Probing the formation of stable tertiary structure in a model miniprotein at atomic resolution: determinants of stability of a helical hairpinNeumoin, A., Mares, J., Lerch-Bader, M., Bader, R., Zerbe, O.
(2007) J Am Chem Soc 129: 8811-8817
- PubMed: 17580866
- DOI: https://doi.org/10.1021/ja0716960
- Primary Citation of Related Structures:
2OON, 2OOP, 2RLK
- PubMed Abstract:
The minimal model system to study the basic principles of protein folding is the hairpin. The formation of beta-hairpins, which are the basic components of antiparallel beta-sheets, has been studied extensively in the past decade, but much less is known about helical hairpins ...
The minimal model system to study the basic principles of protein folding is the hairpin. The formation of beta-hairpins, which are the basic components of antiparallel beta-sheets, has been studied extensively in the past decade, but much less is known about helical hairpins. Here, we probe hairpin formation between a polyproline type-II helix and an alpha-helix as present in the natural miniprotein peptide YY (PYY). Both turn sequence and interactions of aromatic side chains from the C-terminal alpha-helix with the pockets formed by N-terminal Pro residues are shown by site-directed mutagenesis and solution NMR spectroscopy in different solvent systems to be important determinants of backbone dynamics and hairpin stability, suggesting a close analogy with some beta-hairpin structures. It is shown that multiple relatively weak contacts between the helices are necessary for the formation of the helical hairpin studied here, whereas the type-I beta-turn acts like a hinge, which through certain single amino acid substitutions is destabilized such that hairpin formation is completely abolished. Denaturation and renaturation of tertiary structure by temperature or cosolvents were probed by measuring changes of chemical shifts. Folding of PYY is both reversible and cooperative as inferred from the sigmoidal denaturation curves displayed by residues at the interface of the helical hairpin. Such miniproteins thus feature an important hallmark of globular proteins and should provide a convenient system to study basic aspects of helical hairpin folding that are complementary to those derived from studies of beta-hairpins.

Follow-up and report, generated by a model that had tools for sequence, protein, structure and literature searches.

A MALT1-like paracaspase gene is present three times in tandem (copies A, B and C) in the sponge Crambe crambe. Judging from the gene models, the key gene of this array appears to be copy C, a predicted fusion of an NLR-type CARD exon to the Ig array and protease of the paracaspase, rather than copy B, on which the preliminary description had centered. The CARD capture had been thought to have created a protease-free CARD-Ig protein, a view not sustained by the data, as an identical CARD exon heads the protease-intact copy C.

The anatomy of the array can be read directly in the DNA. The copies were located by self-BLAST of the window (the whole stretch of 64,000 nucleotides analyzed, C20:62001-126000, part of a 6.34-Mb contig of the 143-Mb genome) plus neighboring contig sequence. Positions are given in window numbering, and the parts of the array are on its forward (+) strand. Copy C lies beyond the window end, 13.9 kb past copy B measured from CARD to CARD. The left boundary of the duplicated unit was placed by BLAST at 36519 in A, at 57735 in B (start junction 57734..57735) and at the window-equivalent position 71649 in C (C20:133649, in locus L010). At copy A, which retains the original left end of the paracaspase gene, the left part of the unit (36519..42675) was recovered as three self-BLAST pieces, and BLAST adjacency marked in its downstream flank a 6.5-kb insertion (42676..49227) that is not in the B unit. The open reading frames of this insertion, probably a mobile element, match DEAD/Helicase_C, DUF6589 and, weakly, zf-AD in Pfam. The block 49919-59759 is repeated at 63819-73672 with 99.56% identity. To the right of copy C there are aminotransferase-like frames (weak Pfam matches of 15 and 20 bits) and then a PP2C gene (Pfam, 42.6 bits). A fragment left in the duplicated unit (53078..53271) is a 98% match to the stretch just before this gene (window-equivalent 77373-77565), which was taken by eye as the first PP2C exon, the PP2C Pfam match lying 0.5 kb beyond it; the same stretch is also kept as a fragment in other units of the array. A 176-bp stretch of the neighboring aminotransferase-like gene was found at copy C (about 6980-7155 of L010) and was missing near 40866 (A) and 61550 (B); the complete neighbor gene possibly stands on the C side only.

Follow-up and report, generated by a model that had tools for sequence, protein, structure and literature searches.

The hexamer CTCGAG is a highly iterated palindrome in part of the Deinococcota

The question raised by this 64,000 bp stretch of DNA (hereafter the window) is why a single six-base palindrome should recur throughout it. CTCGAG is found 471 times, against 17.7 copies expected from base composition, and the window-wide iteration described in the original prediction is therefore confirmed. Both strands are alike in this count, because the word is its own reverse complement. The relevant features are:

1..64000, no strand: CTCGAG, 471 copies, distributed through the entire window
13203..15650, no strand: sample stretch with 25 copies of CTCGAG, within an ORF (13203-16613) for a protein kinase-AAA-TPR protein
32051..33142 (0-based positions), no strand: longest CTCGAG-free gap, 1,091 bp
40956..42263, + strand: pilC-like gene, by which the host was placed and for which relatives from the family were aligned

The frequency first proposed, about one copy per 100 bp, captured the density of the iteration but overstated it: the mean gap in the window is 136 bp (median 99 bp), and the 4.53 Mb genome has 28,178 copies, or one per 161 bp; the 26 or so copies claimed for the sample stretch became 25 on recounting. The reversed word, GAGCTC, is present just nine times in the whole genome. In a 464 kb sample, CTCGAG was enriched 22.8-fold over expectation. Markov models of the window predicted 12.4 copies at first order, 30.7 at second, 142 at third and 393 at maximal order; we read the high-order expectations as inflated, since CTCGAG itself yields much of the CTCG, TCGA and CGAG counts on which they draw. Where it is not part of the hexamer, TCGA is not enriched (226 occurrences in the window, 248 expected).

Institute of Organic Chemistry, University of Zurich, Winterthurerstrasse 190, CH 8057 Zurich, Switzerland.